A day before he died, Officer Lamar Poole proudly showed off his new motorcycle to his fellow officers of the 12th Police District.

He told them about the modifications he planned to make to the Honda VTX. He talked about how it compared with his last motorcycle. His excitement, as always, was contagious, his colleagues said.

"He was a very outgoing person - he had a big personality," said Sgt. Denise Brown, who headed Poole's squad.

On Sunday, Poole was off duty and riding the motorcycle down Devereaux Street in Oxford Circle when he was hit by a drunk driver who then stopped the car, looked at the critically injured officer lying in the street, and sped off, police say.

Poole was rushed to a hospital, but died from his injuries an hour later. Police said a tow-truck driver saw the accident and followed the driver, Louis John Vogwill, blocking his car until police arrived.

Vogwill, who turned 59 on Sunday, was charged with involuntary manslaughter, homicide by vehicle, homicide by vehicle while driving under the influence, and related offenses. It was his first arrest.

He was traveling west on Devereaux and tried to make a left turn onto Roosevelt Boulevard around 4 p.m. Sunday, police said. He hit Poole as the officer crossed the Boulevard, police said.

Fleeing the scene, Vogwill made it only a few blocks away, to Harbison Avenue and the Boulevard. There, he was stopped by the tow-truck driver, police said.

An 18-year veteran of the department, Poole had worked at several posts around the city.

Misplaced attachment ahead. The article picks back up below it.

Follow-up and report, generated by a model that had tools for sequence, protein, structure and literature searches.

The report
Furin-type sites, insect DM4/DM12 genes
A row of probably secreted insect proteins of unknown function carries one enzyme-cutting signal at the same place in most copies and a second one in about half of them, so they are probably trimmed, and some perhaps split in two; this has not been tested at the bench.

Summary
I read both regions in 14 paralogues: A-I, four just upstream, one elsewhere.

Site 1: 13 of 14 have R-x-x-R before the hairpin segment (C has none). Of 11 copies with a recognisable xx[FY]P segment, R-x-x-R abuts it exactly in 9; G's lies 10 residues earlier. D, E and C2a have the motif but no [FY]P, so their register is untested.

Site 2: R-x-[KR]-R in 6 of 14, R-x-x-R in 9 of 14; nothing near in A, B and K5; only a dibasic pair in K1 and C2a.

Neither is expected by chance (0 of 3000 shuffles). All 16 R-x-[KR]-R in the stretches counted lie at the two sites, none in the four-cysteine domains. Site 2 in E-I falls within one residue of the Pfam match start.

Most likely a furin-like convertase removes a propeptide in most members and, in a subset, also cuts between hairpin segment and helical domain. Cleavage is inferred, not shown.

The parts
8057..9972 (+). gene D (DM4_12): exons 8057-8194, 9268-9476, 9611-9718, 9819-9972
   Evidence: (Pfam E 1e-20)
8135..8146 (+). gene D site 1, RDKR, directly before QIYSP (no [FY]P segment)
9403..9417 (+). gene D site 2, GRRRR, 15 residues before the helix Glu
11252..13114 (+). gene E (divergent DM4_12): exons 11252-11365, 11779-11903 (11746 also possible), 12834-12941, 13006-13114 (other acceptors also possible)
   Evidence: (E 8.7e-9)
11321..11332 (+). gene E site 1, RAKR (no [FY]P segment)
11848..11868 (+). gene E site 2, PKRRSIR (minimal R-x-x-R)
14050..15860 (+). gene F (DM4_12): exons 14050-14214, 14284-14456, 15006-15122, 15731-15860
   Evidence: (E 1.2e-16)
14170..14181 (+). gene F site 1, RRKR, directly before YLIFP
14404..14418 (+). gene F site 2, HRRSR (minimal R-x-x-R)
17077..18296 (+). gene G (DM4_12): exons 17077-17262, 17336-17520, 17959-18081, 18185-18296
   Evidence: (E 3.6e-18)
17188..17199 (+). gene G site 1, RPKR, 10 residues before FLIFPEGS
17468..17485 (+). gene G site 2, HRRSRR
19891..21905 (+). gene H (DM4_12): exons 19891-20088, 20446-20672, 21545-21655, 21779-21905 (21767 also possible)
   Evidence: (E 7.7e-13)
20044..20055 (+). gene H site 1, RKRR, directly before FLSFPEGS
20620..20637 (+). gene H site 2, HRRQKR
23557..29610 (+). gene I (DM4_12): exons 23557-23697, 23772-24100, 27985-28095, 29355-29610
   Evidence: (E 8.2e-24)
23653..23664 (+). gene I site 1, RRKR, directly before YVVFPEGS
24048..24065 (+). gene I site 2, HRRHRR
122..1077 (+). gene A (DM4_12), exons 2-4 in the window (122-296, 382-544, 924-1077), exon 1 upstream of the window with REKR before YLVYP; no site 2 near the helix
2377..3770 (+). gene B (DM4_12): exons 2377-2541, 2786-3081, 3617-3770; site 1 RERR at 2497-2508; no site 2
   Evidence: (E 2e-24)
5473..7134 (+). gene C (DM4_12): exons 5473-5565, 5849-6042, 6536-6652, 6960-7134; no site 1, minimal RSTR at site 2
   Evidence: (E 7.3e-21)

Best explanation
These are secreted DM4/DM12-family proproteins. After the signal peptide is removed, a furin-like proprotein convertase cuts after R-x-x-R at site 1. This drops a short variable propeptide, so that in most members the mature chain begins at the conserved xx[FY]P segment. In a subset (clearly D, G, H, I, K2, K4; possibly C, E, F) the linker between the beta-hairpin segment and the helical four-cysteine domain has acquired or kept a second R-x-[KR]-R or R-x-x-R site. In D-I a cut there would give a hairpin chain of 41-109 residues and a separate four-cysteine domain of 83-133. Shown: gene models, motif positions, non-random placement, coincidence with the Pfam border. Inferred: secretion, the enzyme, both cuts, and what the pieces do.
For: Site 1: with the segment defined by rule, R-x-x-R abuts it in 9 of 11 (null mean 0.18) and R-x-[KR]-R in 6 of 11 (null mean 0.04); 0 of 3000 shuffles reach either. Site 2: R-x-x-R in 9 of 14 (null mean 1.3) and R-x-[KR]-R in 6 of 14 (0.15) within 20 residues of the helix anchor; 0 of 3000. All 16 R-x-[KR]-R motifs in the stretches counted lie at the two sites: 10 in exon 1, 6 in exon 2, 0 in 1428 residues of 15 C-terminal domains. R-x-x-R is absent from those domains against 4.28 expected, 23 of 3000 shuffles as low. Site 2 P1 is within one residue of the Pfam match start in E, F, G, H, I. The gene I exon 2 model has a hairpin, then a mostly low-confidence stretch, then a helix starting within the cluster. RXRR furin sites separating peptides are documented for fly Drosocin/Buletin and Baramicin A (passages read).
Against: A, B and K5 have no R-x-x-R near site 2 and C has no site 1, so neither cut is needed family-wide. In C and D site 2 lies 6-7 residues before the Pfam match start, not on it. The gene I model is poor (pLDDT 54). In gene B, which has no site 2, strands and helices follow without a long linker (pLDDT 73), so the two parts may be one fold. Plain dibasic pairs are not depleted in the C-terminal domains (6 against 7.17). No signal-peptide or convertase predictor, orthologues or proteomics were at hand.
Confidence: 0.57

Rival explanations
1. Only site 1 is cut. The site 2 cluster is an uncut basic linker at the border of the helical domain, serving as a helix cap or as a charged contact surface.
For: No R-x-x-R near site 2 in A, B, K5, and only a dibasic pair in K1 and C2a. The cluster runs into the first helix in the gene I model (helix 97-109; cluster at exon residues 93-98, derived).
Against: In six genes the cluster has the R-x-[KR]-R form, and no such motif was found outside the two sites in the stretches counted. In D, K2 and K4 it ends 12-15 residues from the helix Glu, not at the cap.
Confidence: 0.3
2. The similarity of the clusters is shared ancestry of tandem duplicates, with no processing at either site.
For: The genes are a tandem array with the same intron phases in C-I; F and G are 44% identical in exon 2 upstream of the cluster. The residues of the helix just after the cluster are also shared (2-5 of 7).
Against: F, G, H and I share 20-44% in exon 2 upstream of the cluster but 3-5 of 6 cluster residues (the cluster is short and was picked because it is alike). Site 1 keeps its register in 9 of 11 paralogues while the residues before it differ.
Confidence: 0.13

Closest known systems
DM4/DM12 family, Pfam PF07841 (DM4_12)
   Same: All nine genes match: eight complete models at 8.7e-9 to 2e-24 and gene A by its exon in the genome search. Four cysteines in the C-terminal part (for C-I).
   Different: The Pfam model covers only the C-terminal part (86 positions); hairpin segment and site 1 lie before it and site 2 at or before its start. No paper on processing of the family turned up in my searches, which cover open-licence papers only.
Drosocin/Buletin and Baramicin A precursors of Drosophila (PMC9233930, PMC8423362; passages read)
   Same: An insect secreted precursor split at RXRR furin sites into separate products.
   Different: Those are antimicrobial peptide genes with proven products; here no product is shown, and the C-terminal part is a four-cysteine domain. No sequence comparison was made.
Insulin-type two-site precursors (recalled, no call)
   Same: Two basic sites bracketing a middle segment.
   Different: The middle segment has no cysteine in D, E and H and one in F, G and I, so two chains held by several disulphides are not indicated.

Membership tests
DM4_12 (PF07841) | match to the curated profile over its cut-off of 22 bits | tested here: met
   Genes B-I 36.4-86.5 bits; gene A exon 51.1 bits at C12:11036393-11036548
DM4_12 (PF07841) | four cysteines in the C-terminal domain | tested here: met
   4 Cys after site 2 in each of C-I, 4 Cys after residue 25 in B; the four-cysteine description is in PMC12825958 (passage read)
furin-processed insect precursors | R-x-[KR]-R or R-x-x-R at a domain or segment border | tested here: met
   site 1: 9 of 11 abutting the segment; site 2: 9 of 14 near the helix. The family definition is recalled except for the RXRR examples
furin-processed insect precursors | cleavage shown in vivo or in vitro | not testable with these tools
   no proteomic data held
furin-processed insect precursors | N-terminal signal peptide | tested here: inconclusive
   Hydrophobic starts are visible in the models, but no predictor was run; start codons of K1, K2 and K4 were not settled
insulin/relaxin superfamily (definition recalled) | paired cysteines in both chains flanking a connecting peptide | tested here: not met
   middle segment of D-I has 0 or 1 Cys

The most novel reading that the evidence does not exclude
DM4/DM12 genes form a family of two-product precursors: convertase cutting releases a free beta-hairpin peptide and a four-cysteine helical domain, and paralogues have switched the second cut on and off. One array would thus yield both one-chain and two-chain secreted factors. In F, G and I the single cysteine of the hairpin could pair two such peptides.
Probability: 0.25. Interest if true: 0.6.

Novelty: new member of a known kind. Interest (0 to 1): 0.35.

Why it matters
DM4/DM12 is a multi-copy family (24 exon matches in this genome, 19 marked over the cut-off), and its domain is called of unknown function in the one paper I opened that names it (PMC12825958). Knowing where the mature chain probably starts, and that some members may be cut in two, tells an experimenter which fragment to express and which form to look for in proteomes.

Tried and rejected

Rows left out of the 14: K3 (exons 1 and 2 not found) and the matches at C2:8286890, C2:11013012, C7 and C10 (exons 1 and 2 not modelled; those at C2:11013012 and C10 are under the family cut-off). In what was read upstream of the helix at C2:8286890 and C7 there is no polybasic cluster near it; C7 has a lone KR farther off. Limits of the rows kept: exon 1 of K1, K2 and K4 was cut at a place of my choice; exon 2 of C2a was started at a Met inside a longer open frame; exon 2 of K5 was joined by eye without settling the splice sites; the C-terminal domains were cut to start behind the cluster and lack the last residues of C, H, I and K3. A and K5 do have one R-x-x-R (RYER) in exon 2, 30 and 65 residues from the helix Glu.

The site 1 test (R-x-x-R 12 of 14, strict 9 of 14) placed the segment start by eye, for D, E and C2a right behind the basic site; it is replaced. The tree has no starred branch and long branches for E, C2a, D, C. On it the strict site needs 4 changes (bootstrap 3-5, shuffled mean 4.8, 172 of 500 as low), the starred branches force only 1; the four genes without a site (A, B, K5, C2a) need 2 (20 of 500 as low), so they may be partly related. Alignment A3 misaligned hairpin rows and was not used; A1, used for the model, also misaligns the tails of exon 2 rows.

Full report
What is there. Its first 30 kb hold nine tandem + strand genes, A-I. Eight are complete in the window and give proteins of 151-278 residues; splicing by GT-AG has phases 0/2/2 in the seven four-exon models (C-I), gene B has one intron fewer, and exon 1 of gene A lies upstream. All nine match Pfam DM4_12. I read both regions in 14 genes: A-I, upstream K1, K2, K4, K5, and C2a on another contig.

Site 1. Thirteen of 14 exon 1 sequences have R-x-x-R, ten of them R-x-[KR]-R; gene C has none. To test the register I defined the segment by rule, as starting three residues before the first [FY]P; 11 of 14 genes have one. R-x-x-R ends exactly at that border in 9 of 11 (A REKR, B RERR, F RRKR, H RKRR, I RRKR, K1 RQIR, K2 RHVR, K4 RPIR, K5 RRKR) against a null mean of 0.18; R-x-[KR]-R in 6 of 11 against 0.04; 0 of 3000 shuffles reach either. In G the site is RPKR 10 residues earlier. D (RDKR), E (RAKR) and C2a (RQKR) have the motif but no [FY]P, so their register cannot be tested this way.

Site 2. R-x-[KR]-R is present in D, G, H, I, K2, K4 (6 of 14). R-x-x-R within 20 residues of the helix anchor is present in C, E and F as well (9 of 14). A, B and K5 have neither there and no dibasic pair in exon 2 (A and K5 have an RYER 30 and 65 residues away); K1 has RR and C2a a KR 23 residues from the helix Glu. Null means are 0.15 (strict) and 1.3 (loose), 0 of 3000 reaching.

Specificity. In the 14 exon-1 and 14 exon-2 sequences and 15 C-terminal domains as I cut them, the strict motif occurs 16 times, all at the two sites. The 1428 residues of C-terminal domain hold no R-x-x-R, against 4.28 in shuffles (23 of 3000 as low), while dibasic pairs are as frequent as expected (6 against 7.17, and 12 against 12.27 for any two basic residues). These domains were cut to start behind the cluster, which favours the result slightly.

On Monday, his colleagues praised his bravery and dedication on the job. He had recently received a commendation for pursuing and arresting a man who was about to shoot another in the face, Brown said.

But his colleagues also remembered him for his warmth and welcoming manner, she said.

"He was very, very well-loved," Brown said. "Even the younger officers who didn't know him very well liked him."

Poole was a sports fan and often went bowling with friends from the 12th District. He doted on his seven children and lived in Mayfair with his wife and youngest daughter, who is of elementary-school age.

"The little one had her daddy wrapped around her little finger," Brown said, laughing.

Like his colleagues, Poole's neighbors spoke with fondness of his ready smile and friendly demeanor. Twice a day, without fail, he would pass their houses while walking the family's dog. They were a distinctive pair - Poole, standing 6 feet, 4 inches tall, and the dog, a tiny white poodle, trotting along at his side.

Commissioner Charles H. Ramsey called Poole's death a tragedy and an especially painful one, coming as it did only days after the death of another officer, Sgt. Rafael Ali, who was killed after his car hit a tree in Roxborough last week. Ramsey said the department would provide counseling for officers affected by both crashes.

"To work with someone every day, and to lose them suddenly - it's not easy to take," he said.

Brown said her officers had been devastated by the loss.

"We've been trying to keep busy - trying to keep ourselves from falling apart emotionally. But everyone's leaning on each other," she said. "And that is something Poole would have wanted."

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